Links and Comments: Wars on Science; Epistemology; Conspiracy Theories

A facebook friend comments:

“Research” isn’t just googling to find someone saying what you want to hear. That’s confirmation bias, and cherry picking.


My own thought, a week ago: The big political conflicts aren’t about asking the same questions and reaching different conclusions; it’s about thinking some questions and their answers are more important than others.

Comment now: the central one of these is the conflict between freedom and equality. Both may be enshrined in the US founding documents. But they’re not consistent. Conservatives are more concerned about freedom (to discriminate if it pleases them), liberals more about equality and justice, even if those require regulations to entail freedoms.


Vox, Sean Illing: Inside corporations’ war on science: A new book explains how corporations create a climate of doubt around science and expertise.

Keyed off the recent decision by Johnson & Johnson, looking back at the history of Big Tobacco and the fossil fuel industry. It’s not the *scientists* who are trying to fool you, it’s the industries and their cherry-picked “scientists” to support corporate profits. This is why there are industry regulations (which Republicans are always trying to undermine).

“The Republican base,” Michaels told me, “has been acclimatized to be skeptical of mainstream science, and easily believe accusations that they are being manipulated by the deep state, the liberal media, and pointy-headed scientists.”


In its broadest sense one of my key interests is epistemology, how we know what we know, how we know what we think is true, more loosely about how people in general think they know what is true, which is why I keep emphasizing contingency and circumstance, why I don’t believe that everything happens for a reason, and why I’m fascinated by the attraction of conspiracy theories, virtually all of which are self-serving fantasies.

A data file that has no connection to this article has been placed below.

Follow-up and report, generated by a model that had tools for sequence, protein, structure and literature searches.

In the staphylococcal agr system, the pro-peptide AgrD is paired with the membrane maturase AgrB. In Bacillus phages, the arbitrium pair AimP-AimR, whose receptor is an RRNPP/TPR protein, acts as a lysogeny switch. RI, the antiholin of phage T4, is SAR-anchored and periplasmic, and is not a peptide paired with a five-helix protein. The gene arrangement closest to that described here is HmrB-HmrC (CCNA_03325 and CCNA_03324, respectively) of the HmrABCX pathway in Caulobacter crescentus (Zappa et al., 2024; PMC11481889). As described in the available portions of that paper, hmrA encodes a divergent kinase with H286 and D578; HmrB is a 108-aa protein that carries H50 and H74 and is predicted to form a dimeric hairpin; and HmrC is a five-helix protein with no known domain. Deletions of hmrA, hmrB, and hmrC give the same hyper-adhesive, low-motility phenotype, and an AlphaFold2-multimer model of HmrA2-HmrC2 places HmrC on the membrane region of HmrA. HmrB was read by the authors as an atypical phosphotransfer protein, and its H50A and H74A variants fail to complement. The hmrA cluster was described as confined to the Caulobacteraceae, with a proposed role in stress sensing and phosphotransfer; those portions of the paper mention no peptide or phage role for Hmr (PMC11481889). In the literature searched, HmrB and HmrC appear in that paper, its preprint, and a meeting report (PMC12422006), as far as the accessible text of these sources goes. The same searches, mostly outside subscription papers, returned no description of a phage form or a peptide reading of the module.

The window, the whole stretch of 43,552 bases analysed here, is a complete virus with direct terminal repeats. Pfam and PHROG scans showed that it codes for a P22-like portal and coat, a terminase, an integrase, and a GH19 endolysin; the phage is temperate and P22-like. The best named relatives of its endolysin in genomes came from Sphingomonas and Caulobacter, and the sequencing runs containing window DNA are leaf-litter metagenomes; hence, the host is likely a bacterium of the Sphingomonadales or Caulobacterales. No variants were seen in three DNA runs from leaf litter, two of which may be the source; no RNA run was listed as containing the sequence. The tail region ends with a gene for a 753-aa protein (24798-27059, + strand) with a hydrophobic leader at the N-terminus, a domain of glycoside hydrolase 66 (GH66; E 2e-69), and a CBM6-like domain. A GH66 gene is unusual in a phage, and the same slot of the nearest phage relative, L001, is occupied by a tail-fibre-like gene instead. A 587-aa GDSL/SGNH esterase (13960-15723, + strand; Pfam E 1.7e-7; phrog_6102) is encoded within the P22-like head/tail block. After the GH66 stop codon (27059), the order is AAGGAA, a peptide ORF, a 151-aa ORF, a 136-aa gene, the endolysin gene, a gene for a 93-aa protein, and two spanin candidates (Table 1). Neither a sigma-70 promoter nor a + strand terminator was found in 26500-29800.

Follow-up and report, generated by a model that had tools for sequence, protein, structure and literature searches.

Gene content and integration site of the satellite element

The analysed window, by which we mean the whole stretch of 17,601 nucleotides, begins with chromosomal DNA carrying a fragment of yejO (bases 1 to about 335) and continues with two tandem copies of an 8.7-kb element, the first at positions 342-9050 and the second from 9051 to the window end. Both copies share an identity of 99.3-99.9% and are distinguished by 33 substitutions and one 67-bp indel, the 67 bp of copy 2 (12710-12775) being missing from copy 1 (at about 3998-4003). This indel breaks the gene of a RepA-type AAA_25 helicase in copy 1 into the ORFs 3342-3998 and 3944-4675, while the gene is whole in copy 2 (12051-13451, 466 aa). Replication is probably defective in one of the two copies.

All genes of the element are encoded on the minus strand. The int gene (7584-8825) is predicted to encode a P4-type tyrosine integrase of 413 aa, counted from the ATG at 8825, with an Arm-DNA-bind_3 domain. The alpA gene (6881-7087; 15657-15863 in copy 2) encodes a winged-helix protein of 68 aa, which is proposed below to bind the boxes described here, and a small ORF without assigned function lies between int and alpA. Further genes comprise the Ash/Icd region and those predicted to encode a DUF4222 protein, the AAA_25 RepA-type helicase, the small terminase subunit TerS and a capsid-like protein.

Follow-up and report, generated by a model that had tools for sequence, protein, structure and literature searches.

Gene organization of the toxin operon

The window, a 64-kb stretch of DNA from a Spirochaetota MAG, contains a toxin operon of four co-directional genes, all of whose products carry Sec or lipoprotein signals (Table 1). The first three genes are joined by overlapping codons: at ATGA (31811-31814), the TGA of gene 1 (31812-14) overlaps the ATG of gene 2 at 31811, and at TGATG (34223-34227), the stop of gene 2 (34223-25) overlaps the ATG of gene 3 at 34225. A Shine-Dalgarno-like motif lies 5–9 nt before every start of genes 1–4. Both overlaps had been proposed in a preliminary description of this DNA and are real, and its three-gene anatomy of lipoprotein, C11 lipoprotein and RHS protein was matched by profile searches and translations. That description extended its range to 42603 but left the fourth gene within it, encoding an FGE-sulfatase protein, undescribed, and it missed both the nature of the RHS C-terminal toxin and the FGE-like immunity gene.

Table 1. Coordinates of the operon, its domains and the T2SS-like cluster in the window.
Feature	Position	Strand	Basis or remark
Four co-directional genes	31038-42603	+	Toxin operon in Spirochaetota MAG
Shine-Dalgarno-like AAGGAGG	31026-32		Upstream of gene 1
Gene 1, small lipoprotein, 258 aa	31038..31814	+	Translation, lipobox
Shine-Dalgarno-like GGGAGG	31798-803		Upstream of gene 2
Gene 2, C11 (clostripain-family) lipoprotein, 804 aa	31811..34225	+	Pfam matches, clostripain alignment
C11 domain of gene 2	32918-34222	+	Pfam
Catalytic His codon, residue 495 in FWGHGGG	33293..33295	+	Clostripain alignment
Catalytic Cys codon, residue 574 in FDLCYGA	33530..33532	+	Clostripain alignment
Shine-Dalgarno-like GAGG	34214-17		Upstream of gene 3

In NYT, long-time technology writer Farhad Manjoo writes, The Worst Is Yet to Come, subtitled, The coronavirus and our disastrous national response to it has smashed optimists like me in the head.

Key comment:

In a book published more than a decade ago, I argued that the internet might lead to a choose-your-own-facts world in which different segments of society believe in different versions of reality. The Trump era, and now the coronavirus, has confirmed this grim prediction.

As I said in a recent blog post, we seem to be living in different alternate realities, with different opinions about the facts of reality, simultaneously.


Another strong essay:

Religion News, Tara Isabella Burton: How Americans’ ‘tell it like it is’ attitude renders us vulnerable to conspiracy theories

The mythos of American self-making — that with the right amount of grit and cunning, the individual can determine his own truth and fate — lends itself to the view that civil bureaucracies and establishments, by contrast, are inherently sclerotic and corrupt: the information they provide automatically suspect.

This tendency can be glimpsed in the contrarian programs of investor and PayPal founder Peter Thiel, who founded and funded a Thiel Fellowship designed to coax promising would-be entrepreneurs to drop out of college and go straight into solitary startup life. It is this tendency, too, that underlies our collective obsession with “fake news” — and with alternative news outlets and conspiracy theorists, like Alex Jones, who claim to “tell it like it is” — in coded contrast to the wisdom of the establishment.

Conspiracy theories tie into a wider mistrust of civic life, combined with an optimistic belief that the individual is capable of “discovering” — through a cursory YouTube search or other research in the digital landscape — truths about the world order that the establishment is trying to hide.


And one more:

The Atlantic: Ellen Cushing: I Was a Teenage Conspiracy Theorist. Subtitle: Want to know why wild conspiracism can be so irresistible? Ask a 14-year-old girl.

Conspiracy thinking is incredibly compelling. It promises an answer to problems as small as expired light bulbs and as big as our radical aloneness in the universe. It is self-sealing in its logic, and self-soothing in its effect: It posits a world where nothing happens by accident, where morality is plain, where every piece of information has divine meaning and every person has agency. It makes a puzzle out of the conspiracy, and a prestige-drama hero out of the conspiracist. “The paranoid spokesman sees the fate of conspiracy in apocalyptic terms,” the historian Richard Hofstadter wrote in his seminal 1964 essay, “The Paranoid Style in American Politics.” “He is always manning the barricades of civilization.” What Hofstadter declined to put a finger on is the intoxicating feeling of having insider knowledge about the fate of the world, or at least believing you do.

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